Spreadsheet versus Database
How to switch from spreadsheets to databases

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Goodbye, Spreadsheet!

Transforming your Spreadsheet setup
You won’t be able to just copy and paste your existing Excel-sheets into Coda and call it a day.
If the two set-ups differ so much that one provides massive advantages over the other, it follows that one tool’s set-up can’t just easily be copy and pasted into the other tool
“What got you here, won’t get you there”.
Instead, you’ll have to transform your spreadsheet data so that it fulfills a database’s data requirements.

Modifying your spreadsheet data

Here’s a link to the demo spreadsheet we’ll be working on:

Step 1) Insert new sheet to prepare Data for Export
We will insert two new sheets, and will title them “Prepare for Export - Projects” and “Prepare for Export - Tasks”.
In these, we will bring in all corresponding data for Projects and Tasks, respectively, and we will ensure that each of these two sheets fulfill the criteria outlined below.
Step 2) Every row needs to contain all relevant information and all data has to be stored in a table format.
Data cannot be stored in a different sheet, inside a sheet name, or in a different part of the same sheet.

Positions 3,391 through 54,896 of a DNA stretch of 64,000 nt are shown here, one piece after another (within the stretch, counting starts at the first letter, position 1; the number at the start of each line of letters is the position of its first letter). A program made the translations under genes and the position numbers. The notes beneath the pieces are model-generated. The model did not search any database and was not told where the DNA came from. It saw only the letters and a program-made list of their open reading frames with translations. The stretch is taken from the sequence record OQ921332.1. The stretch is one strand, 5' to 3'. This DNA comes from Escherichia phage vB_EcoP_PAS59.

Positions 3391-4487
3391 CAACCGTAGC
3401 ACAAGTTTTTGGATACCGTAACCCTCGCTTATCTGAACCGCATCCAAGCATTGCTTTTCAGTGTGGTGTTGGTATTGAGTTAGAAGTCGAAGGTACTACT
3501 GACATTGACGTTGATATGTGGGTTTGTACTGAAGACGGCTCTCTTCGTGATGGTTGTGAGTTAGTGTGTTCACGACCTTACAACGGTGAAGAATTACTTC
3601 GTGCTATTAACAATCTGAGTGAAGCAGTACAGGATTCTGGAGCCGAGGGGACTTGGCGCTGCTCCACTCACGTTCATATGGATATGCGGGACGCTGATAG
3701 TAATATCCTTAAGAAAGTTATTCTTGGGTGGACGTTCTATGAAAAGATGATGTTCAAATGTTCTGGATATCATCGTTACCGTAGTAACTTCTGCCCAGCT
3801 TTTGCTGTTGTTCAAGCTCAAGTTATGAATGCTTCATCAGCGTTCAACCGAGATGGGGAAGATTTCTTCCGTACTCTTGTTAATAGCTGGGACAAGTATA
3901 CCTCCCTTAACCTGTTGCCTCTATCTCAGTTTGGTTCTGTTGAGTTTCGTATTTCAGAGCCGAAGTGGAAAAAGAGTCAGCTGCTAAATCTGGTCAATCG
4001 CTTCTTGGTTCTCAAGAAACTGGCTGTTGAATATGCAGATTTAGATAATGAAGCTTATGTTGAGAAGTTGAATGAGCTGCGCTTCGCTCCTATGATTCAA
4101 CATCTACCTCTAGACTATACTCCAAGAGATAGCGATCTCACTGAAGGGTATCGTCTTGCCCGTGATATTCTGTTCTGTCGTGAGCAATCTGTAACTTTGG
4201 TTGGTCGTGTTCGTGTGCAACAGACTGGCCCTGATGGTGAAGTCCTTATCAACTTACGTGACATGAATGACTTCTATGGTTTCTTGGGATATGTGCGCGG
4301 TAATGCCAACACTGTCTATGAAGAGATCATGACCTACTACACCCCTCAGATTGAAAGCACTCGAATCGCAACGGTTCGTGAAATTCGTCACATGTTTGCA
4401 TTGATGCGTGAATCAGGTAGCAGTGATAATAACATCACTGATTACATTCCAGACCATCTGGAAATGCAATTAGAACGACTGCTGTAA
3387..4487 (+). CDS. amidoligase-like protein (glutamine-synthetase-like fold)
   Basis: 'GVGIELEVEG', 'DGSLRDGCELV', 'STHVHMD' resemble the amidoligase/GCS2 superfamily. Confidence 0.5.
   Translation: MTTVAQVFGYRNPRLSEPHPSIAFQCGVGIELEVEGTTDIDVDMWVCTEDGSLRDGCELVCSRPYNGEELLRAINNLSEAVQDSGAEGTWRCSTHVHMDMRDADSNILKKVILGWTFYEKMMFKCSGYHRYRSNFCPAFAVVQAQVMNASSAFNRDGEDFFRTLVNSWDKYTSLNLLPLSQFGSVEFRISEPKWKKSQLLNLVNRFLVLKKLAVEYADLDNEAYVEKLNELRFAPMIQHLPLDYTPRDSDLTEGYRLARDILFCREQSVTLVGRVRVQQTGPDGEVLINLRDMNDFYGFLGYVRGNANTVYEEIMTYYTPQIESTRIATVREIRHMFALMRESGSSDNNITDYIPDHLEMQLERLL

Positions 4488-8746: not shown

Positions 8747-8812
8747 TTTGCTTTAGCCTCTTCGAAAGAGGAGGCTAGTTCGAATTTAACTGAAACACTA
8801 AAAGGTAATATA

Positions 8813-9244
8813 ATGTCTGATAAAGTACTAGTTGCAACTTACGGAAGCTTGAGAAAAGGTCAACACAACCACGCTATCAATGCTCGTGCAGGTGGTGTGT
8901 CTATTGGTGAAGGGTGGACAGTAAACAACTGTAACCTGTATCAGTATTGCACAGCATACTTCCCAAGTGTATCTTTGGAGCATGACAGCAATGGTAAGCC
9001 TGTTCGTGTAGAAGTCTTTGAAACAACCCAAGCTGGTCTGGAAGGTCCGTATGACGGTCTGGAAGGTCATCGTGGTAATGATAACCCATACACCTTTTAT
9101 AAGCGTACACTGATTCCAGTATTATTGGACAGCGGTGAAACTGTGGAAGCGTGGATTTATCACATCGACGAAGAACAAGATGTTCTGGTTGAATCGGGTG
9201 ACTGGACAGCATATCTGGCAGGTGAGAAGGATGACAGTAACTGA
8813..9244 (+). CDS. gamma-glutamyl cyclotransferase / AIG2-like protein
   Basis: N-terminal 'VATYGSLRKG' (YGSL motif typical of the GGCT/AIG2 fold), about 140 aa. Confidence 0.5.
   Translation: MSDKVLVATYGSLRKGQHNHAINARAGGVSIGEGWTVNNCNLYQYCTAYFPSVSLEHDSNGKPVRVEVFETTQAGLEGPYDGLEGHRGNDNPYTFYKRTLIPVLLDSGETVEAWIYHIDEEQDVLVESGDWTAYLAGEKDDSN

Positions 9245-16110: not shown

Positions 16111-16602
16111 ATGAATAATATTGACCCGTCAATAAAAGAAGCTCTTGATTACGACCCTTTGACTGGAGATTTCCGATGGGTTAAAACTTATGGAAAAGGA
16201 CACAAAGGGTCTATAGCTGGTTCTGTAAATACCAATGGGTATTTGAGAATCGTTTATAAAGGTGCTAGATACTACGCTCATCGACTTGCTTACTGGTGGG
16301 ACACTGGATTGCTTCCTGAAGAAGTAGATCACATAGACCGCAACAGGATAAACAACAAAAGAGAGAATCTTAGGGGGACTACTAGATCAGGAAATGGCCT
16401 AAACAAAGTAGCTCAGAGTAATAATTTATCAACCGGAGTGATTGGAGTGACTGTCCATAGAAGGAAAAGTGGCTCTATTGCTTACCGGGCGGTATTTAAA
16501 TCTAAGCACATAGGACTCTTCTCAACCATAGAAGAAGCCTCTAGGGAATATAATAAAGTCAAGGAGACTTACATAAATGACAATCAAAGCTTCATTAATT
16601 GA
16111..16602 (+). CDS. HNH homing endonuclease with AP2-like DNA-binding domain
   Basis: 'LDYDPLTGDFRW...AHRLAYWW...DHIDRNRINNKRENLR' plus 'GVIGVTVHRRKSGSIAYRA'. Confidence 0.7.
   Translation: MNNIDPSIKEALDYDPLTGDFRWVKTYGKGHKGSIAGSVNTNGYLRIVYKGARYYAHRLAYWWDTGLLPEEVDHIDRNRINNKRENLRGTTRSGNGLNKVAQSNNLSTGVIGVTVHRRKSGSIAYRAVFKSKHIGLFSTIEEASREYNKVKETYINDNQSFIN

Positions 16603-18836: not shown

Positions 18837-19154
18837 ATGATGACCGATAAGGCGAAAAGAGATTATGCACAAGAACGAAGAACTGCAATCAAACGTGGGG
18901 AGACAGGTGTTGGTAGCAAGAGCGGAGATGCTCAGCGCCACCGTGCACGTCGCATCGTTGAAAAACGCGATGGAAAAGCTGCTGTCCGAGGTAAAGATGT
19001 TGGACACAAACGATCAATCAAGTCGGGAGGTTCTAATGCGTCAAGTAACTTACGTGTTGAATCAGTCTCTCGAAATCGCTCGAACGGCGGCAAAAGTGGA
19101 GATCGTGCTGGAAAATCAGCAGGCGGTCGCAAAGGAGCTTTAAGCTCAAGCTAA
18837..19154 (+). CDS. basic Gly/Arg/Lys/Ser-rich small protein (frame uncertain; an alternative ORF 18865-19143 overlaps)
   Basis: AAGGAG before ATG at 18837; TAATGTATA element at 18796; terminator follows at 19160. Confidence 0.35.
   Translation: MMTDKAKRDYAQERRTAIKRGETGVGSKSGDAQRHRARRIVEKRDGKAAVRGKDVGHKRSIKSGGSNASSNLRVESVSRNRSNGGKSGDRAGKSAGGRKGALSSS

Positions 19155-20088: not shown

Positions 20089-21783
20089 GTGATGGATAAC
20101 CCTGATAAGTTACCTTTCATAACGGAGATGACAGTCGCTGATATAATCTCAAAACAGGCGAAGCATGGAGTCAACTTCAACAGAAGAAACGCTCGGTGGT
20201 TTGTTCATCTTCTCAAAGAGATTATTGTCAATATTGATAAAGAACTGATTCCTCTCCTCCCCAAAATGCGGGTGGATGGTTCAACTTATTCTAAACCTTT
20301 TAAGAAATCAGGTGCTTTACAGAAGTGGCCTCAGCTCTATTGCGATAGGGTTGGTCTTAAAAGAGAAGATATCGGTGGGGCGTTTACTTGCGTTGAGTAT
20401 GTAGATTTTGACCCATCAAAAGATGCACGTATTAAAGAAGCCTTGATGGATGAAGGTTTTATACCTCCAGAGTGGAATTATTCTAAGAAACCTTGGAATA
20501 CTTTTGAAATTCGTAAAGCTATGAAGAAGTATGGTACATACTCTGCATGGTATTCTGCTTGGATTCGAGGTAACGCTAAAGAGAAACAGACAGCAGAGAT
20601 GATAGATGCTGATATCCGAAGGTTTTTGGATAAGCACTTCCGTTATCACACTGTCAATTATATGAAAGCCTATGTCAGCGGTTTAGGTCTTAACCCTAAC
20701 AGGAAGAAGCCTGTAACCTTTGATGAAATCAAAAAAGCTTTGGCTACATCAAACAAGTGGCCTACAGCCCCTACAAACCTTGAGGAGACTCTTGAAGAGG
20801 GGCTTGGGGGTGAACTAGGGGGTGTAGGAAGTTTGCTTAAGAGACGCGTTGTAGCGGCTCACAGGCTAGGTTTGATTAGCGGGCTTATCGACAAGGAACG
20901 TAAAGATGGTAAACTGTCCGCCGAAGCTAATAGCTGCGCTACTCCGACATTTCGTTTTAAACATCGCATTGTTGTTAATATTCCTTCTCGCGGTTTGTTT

Below are examples of spreadsheet data that will require further transformation before it’s ready to move to a database.
Step 3) Every cell within each column needs to be same data type.
If Cell A2 contains a date, then A3 cannot be text.
Step 4) Every column can only contain ONE specific formula.
This just might be the biggest surprise for spreadsheet users.
Let’s say in your spreadsheet you have a column for “Invoice Amount USD”. So far, you’ve made these calculations on the fly. Sometimes, you multiply the number of items with the price for each (B2 * C2). Sometimes, you deduct a discount ((B2 * C2) - 20%). Sometimes, you add a surcharge. And so on.
This does not fulfill a database’s requirement for data integrity. The rule can be summed up as “Same rights for everyone”. You’re free to define any formula you wish, but it will be applied to all cells within that column. One work-around would be to generate three column formulas: Column “Regular Invoice Amount”, Column “Discounted Invoice Amount” and Column “Increased Invoice Amount”. You get the idea.
Step 5) The first row shall always contain be the column headers.

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